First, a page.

3. Stir in the coconut milk and bring to a boil.
4. Add the tofu, veggies, fish sauce and sugar, and simmer for five minutes.
5. When ready to serve, add basil leaves and half-and-half.

Saturday, December 01, 2007

Baby Brussels Sprouts with Buttered Pecans

My mom and I had planned to make this brussels sprouts recipe on Thanksgiving, but we completely forgot about it. So she sent me home to Maryland with the stalk of sprouts (yes, they grow on stalks). Then I forgot about them again! So just now, I was hungry and wanted a snack and remembered the brussels sprouts recipe. I pulled it out, made up a batch, and we shared it. He was afraid of the sprouts at first but it turned out he really liked the recipe. It was quick, simple, and very tasty - even for people who don't think they like brussels sprouts. If you use small ones, it takes away from the bitterness, and even if you use larger ones, the butter makes it super tasty. Oh and we used small pecan pieces vs. pecan halves, which turned out nicely because we could get some pecan in every bite.

There is not a picture because we ate them too fast.**

Baby Brussels Sprouts with Buttered Pecans
Gourmet magazine

If you find it difficult to get excited about Brussels sprouts, then it's likely you've never sampled baby ones. The tiny sprouts—less than an inch across—lack the bitterness of their full-grown counterparts. Paired with buttered pecans, they may just become your new Thanksgiving favorite.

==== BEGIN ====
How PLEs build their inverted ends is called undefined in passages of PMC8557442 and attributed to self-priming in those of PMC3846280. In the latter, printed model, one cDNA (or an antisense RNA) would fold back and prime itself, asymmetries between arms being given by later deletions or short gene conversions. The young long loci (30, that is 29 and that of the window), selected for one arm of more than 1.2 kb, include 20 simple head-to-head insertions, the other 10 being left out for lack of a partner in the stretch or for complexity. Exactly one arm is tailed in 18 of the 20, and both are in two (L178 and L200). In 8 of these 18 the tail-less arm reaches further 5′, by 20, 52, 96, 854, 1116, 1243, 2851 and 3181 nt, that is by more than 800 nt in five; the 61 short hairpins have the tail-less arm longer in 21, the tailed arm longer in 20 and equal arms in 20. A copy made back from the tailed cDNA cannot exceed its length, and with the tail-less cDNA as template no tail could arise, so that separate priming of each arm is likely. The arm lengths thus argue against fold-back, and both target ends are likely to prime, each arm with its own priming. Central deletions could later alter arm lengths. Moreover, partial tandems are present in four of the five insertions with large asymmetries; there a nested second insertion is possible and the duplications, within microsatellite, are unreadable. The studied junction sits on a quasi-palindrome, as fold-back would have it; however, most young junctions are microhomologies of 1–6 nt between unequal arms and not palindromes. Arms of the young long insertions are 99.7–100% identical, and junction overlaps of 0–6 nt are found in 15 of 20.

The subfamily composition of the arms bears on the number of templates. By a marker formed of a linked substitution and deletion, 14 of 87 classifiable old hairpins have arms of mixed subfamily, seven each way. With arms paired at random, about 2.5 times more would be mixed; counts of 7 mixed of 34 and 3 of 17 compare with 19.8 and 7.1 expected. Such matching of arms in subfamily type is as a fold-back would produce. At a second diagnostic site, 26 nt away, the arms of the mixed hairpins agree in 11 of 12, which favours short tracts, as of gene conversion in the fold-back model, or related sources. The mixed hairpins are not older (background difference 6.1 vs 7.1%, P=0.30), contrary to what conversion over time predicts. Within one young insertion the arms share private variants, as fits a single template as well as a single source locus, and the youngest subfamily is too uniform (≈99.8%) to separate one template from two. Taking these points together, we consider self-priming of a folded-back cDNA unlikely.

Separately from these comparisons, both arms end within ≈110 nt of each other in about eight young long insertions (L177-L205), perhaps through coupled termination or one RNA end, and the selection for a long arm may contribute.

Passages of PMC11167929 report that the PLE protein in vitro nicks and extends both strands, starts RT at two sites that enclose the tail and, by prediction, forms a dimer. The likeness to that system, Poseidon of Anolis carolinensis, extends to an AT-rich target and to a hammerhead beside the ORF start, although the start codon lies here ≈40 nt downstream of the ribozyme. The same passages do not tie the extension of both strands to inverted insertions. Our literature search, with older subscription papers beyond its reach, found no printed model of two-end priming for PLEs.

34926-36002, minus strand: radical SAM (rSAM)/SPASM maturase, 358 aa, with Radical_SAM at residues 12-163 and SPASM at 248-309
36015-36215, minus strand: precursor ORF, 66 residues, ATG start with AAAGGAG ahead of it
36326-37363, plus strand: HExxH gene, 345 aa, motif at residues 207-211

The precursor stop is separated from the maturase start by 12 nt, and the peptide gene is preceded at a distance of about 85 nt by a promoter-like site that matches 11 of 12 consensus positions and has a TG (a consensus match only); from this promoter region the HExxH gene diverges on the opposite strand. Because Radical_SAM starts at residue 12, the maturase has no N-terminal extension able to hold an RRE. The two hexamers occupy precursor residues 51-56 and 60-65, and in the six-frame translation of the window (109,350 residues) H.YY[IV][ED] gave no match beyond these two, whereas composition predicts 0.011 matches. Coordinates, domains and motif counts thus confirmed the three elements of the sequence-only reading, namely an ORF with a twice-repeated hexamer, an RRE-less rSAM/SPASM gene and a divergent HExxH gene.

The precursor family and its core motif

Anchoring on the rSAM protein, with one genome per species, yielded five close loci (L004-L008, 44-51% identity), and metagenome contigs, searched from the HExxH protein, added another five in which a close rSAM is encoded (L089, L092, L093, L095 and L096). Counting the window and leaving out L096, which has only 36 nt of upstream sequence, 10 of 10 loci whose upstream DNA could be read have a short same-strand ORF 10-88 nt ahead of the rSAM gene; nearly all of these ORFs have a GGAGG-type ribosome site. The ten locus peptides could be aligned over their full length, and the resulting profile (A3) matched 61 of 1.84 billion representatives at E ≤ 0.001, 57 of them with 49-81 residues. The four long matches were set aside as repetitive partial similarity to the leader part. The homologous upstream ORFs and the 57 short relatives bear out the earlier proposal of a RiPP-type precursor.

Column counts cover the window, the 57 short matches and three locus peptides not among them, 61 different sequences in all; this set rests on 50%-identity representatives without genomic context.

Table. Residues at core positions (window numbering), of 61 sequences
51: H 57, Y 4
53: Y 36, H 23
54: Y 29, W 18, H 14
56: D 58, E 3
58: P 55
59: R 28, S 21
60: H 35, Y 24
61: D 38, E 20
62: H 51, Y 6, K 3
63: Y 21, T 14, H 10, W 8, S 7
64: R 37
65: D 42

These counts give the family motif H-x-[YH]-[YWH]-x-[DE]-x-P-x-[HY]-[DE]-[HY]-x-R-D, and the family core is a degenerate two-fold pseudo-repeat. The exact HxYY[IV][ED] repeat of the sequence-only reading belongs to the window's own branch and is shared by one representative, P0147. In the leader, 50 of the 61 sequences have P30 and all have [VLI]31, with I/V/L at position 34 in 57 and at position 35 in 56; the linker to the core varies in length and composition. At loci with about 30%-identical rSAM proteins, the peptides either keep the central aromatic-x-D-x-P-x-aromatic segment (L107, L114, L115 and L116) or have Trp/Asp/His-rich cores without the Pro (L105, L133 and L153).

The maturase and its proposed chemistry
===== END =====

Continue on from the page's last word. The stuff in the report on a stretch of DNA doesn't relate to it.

1/2 cup pecan halves, cut crosswise into thirds
3 tablespoons unsalted butter
3/4 teaspoon salt
2 lb baby Brussels sprouts, trimmed
1/2 tablespoon minced garlic
1 teaspoon fresh lemon juice, or to taste
1/4 teaspoon black pepper

ut oven rack in middle position and preheat oven to 350°F.

Spread pecan pieces in 1 layer in a shallow baking pan and bake until fragrant and a few shades darker, about 10 minutes. Add 1/2 tablespoon butter and 1/4 teaspoon salt to nuts and toss until butter is melted and nuts are coated.

While nuts bake, cook Brussels sprouts in a 6- to 8-quart pot of boiling salted water, uncovered, until just tender, 5 to 6 minutes, then transfer to a bowl of ice and cold water to stop cooking. Drain sprouts and pat dry.

Melt remaining 2 1/2 tablespoons butter in a 12-inch heavy skillet over moderate heat, then add garlic and cook, stirring, until fragrant, about 1 minute. Increase heat to moderately high, then add sprouts and sauté, stirring occasionally, until browned in patches, about 5 minutes. Add lemon juice, pepper, and remaining 1/2 teaspoon salt, then stir in pecans and serve.

Cooks' notes:
• If you can't find baby Brussels sprouts, you can use 2 lb regular Brussels sprouts, quartered.
• Pecans can be toasted and buttered 1 day ahead and kept at room temperature, covered.
• Brussels sprouts can be boiled 1 day ahead and kept chilled in a sealed plastic bag with a paper towel to absorb excess moisture.

Yield: 6-8 servings

**Photo added retroactively on February 20, 2008:
tiny cabbages

Thursday, November 29, 2007

Moroccan Chickpea Stew

This recipe was printed in Cooking Light's November 2007 issue, but it is originally from The Great American Detox Diet by Alexandra Jamieson. Who is that, you ask? She is Morgan Spurlock's wife. The cookbook is to help people wean off the typical American fast food diet and cleanse themselves of all the ickiness that comes along with that. It is based on what she fed Morgan Spurlock after he did his experiment for Super Size Me. I thought that was cool so I decided to try it.